Regional Gardening Reports :: National Gardening Association

In the Garden:
Lower South
September, 2011
Regional Report

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The white foliage of shade loving Aztec grass is a great way to brighten up a shady area of the landscape.

Made for the Shade

It is hot and muggy outside. Even in the shade the mercury is pushing three digits. There is something very wrong when sitting in the shade doing nothing leaves you soaked in perspiration! While we gardeners may retreat to the safety of an air conditioned home, there are plants that add color and take the summer heat and humidity in stride if provided a shady location.

Shady areas are often areas with little color other than green foliage and brown mulch. This need not be. Here are a few tips and some plants that have worked well for me in the shady areas of my landscape.

I think the first thing to remember is that shade is dark -- profound, isn't it? Well, I've made the mistake of planting things with dark purple blooms or other dark colors in the shade and they failed to impress, to say the least. Having to point out flowers and color to visitors kinda takes the wow factor out!

Use light, bright colors whenever you can in shady areas. They will show up like a flashlight on a dark night. I should add here that white is a color too! White works great in shade. I have used it to draw the eye down a path, by planting the sides of the walkway with Aztec grass, which looks like a variegated white and green striped liriope but is much brighter. A row of white blooming impatiens would also do the trick if the shade is fairly bright.

A cluster of white plants around the base of a tree or a mass planting that swirls through the shady area can be really attractive. Caladiums that are predominantly white, or even a variegated lacecap hydrangea will catch the eye. If the shade is bright, try the white form of plumbago (Plumbago auriculata) or a white blooming cultivar of summer phlox. White types of wishbone flower (Torenia) are another option

I like to add other colors to shady areas. Impatiens provide a wide color palette of choices, as do the lighter colored cultivars of wishbone flower. Although fairly dark, the blood red foliage of red chicken gizzard (Iresine herbstii) shows well in bright to dappled shade. Other colorful bright shade plants include blue cultivars of plumbago, flowering tobacco, and pentas, which come in several colors including white.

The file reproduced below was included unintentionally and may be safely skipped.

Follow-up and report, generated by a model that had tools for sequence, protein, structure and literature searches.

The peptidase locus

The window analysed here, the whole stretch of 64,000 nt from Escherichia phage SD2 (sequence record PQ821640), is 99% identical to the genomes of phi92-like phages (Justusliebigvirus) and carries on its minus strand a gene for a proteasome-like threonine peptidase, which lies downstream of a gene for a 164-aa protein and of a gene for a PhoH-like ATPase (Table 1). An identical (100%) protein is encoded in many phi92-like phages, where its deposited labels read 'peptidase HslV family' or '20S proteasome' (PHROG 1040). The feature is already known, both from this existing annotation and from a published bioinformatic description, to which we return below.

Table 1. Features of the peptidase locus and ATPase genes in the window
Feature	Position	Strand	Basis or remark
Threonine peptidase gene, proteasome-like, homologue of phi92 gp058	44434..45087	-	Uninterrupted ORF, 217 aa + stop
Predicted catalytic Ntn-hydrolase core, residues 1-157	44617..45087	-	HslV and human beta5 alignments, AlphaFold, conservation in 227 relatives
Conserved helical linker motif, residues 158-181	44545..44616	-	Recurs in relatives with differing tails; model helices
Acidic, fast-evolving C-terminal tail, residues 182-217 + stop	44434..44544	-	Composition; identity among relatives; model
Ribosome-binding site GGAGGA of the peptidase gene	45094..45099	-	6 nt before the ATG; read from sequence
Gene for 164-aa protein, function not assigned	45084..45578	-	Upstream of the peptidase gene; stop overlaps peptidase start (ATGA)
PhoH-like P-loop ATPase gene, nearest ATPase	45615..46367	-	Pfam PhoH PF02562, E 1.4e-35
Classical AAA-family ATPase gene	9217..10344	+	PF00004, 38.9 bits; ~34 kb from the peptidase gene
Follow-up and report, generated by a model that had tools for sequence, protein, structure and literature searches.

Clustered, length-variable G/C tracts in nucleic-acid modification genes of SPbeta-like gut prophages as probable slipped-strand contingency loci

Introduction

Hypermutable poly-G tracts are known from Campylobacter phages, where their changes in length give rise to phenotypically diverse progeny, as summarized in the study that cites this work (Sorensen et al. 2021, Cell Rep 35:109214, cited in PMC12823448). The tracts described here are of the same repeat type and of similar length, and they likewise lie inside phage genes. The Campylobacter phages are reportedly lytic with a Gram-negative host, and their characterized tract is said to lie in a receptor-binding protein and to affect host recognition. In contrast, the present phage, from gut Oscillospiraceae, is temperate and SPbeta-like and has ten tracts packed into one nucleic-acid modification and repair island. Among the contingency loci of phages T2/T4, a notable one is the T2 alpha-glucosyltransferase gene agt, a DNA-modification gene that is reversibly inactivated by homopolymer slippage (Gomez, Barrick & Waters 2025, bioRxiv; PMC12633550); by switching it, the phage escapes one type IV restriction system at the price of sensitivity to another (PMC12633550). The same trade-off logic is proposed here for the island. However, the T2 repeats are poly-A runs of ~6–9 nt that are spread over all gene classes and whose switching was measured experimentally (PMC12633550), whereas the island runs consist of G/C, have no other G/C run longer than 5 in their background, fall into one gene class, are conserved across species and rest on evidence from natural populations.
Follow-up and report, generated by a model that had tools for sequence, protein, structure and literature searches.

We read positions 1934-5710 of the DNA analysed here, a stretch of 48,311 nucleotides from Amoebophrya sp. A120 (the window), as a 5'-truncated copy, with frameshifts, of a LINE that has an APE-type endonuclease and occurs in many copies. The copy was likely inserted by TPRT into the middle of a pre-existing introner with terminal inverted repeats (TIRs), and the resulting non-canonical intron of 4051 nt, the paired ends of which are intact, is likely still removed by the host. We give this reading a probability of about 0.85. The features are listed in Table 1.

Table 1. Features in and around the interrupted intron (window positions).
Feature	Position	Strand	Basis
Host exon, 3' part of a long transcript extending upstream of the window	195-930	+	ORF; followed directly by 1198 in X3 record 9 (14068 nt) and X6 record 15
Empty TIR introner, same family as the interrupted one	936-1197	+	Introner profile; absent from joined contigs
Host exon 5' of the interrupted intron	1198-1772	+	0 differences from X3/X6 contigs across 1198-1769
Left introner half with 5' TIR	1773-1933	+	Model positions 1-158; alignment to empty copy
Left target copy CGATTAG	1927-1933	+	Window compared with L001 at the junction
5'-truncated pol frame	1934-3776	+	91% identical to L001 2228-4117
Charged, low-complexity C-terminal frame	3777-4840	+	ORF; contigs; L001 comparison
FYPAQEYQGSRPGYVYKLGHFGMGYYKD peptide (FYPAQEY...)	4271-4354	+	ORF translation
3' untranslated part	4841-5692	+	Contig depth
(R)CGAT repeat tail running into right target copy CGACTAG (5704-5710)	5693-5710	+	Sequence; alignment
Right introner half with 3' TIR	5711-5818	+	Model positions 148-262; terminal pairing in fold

Foliage can add a lot of attention-grabbing color to bright shade. Try coleus, variegated cultivars of canna, and light green foliage plants, including several ferns and the trailing ornamental sweet potato cultivar 'Margarite' with its bright chartreuse foliage. Another great ornamental sweet potato is 'Tricolor' which adds green, white, and pink to bright shady areas. Although fairly dark in color, Persian shield (Strobilanthes dyerianus) commands attention with light to dark purple leaves that look almost metallic in the way they reflect light.

Shrimp plant blooms in shade and is very tough, even in dry conditions. The subtropical Brazilian plume (Justicia carnea and various crosses) is very attractive, as is golden shrimp plant (Pachystachys lutea) with its bright golden yellow bloom bracts and white flowers.

Then there are the blooming shrubs that do well in partial shade or very bright shade such as camellia, azalea, hydrangea (both lace cap and oak leaf species), and gardenia.

I think I'll start heading out early in the morning to start preparing the soil in some shady spots to get them ready for adding a few of these plants during fall planting season.

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